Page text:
We were a small audience, and perhaps as a result had a great discussion after the two presentations about a range of issues arising from them – the nature of language and colonialism, the nature of participation and how digital is affecting that.

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BILETA 2017, Parallel session 1

April 20, 2017

I’m attending a parallel session on ‘Online speech’, with the first two addressing the problems of fake news.  First up, Felipe Romero Moreno.  He analysed the definition, purpose, impact, liability, govt response and possible solutions.  On definition, he noted the difficulty — perhaps best described as ‘news without any basis in fact’.  He noted Jonathan Zittrain […]

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BILETA 2017, Keynote 1

April 20, 2017

Am at the BILETA conference, liveblogging the sessions I’m attending.  It’s being held this year at the Universidade do Minho, Escola de Direito, and the conference title is ‘International perspectives on emerging challenges in law, technology and education’.  After the welcomes, Burkhard Schafer, from SCRIPT in Edinburgh U, on ‘Creativity in AI and Law’.  Some […]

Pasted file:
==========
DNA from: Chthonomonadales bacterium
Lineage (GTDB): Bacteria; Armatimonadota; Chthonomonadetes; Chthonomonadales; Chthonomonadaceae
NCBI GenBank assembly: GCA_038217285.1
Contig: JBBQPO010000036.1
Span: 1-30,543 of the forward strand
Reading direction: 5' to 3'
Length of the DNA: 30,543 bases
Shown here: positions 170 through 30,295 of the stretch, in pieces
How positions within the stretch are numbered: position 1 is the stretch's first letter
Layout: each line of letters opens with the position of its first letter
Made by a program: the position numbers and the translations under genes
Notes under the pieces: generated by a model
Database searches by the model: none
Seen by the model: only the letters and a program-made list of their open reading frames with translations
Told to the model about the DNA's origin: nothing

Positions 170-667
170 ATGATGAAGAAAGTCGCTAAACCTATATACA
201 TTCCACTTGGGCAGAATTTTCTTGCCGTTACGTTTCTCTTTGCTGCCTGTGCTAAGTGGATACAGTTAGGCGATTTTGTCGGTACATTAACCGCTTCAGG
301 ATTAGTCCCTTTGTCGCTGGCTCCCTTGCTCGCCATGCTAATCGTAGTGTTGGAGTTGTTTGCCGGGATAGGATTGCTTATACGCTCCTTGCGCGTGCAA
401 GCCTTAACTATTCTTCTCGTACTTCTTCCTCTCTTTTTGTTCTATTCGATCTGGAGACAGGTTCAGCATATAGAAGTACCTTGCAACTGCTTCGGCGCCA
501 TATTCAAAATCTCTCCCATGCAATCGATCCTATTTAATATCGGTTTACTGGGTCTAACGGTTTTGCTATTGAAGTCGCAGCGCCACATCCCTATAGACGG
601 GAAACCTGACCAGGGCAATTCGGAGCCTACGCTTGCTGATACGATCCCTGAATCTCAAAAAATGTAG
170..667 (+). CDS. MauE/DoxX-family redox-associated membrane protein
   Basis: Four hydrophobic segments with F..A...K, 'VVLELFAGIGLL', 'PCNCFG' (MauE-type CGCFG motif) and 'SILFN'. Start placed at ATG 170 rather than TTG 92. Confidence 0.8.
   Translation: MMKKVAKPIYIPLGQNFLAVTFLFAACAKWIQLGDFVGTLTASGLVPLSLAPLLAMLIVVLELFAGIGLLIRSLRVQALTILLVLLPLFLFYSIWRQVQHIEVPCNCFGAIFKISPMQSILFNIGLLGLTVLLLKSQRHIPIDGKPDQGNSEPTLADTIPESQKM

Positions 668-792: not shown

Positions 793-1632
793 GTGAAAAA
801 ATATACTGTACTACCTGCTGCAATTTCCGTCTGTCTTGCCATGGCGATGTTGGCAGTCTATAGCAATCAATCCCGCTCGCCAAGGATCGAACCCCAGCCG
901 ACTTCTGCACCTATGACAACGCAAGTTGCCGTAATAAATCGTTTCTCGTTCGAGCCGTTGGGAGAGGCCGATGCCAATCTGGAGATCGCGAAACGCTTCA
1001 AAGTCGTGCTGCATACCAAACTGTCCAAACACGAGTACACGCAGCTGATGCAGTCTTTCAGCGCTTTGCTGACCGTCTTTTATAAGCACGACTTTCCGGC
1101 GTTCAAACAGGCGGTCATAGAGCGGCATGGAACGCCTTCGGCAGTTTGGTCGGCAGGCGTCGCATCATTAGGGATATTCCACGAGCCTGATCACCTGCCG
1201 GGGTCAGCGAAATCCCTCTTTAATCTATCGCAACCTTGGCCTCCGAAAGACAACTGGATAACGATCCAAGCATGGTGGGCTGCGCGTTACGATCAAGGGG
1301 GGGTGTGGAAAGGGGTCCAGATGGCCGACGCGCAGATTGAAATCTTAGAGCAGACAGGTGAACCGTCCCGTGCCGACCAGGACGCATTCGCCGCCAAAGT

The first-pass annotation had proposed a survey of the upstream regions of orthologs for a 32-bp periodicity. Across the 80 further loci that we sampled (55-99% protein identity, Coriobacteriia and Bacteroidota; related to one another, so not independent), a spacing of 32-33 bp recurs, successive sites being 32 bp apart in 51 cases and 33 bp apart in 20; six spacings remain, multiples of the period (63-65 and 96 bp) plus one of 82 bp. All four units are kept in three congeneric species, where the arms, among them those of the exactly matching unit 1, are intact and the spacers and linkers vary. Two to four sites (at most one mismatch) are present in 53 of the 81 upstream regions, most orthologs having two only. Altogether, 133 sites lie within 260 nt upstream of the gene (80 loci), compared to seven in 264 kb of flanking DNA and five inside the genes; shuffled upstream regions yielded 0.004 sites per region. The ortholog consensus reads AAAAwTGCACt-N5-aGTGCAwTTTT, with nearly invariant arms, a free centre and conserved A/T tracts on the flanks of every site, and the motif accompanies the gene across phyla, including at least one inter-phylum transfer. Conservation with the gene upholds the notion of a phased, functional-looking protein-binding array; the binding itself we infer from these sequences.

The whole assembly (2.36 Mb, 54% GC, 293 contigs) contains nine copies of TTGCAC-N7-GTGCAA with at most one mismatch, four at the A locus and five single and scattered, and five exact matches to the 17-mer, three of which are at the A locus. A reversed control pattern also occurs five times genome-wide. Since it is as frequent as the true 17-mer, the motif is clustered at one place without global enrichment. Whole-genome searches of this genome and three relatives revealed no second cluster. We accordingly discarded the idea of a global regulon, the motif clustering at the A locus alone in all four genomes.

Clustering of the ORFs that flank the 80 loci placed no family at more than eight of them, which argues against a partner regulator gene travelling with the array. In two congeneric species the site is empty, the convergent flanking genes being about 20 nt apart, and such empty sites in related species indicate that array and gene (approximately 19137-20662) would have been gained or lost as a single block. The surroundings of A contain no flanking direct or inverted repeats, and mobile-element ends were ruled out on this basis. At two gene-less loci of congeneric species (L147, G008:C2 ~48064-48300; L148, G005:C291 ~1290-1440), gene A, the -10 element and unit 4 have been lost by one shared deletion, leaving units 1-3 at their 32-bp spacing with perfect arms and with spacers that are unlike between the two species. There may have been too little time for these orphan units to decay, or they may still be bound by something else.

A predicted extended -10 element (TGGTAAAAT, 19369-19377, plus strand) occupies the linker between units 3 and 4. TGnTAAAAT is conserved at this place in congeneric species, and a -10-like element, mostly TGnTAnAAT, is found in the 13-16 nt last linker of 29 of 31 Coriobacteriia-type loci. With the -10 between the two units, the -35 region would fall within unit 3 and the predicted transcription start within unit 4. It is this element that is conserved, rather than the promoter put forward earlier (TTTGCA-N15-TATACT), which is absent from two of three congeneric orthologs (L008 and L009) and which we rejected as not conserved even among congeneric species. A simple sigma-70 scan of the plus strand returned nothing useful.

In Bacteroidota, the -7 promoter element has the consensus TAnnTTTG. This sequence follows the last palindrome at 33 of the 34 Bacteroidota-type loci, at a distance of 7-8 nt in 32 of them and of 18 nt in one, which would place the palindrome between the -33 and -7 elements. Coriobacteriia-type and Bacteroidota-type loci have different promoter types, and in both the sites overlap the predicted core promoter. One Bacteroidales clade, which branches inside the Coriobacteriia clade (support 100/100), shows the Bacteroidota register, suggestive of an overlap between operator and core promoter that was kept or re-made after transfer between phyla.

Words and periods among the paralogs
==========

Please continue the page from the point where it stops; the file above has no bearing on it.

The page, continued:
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CLEA day 2, session 2

April 14, 2017

First up, Alex Steel, UNSW, on the Smart Casual project: ‘Using online modules to build teacher confidence and skills’.  Nine modules for adjunct staff development, including Indigenous Peoples and the Law, student engagement, legal problem solving, feedback, reading law, critical thinking, comms and collaboration, legal ethics and wellness in law.  Key aspects include appropriate tone (peer […]

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CLEA, day 2 session 1

April 14, 2017

Well, this is the longest live blogging session ever — conference is well finished, but I thought that I’d get these impressions together to complete my views of papers at the conference. First up, Anne Wesemann, The Open University, on ‘The significance of EU law for the future commonwealth lawyer’.  Anne started with an exploration […]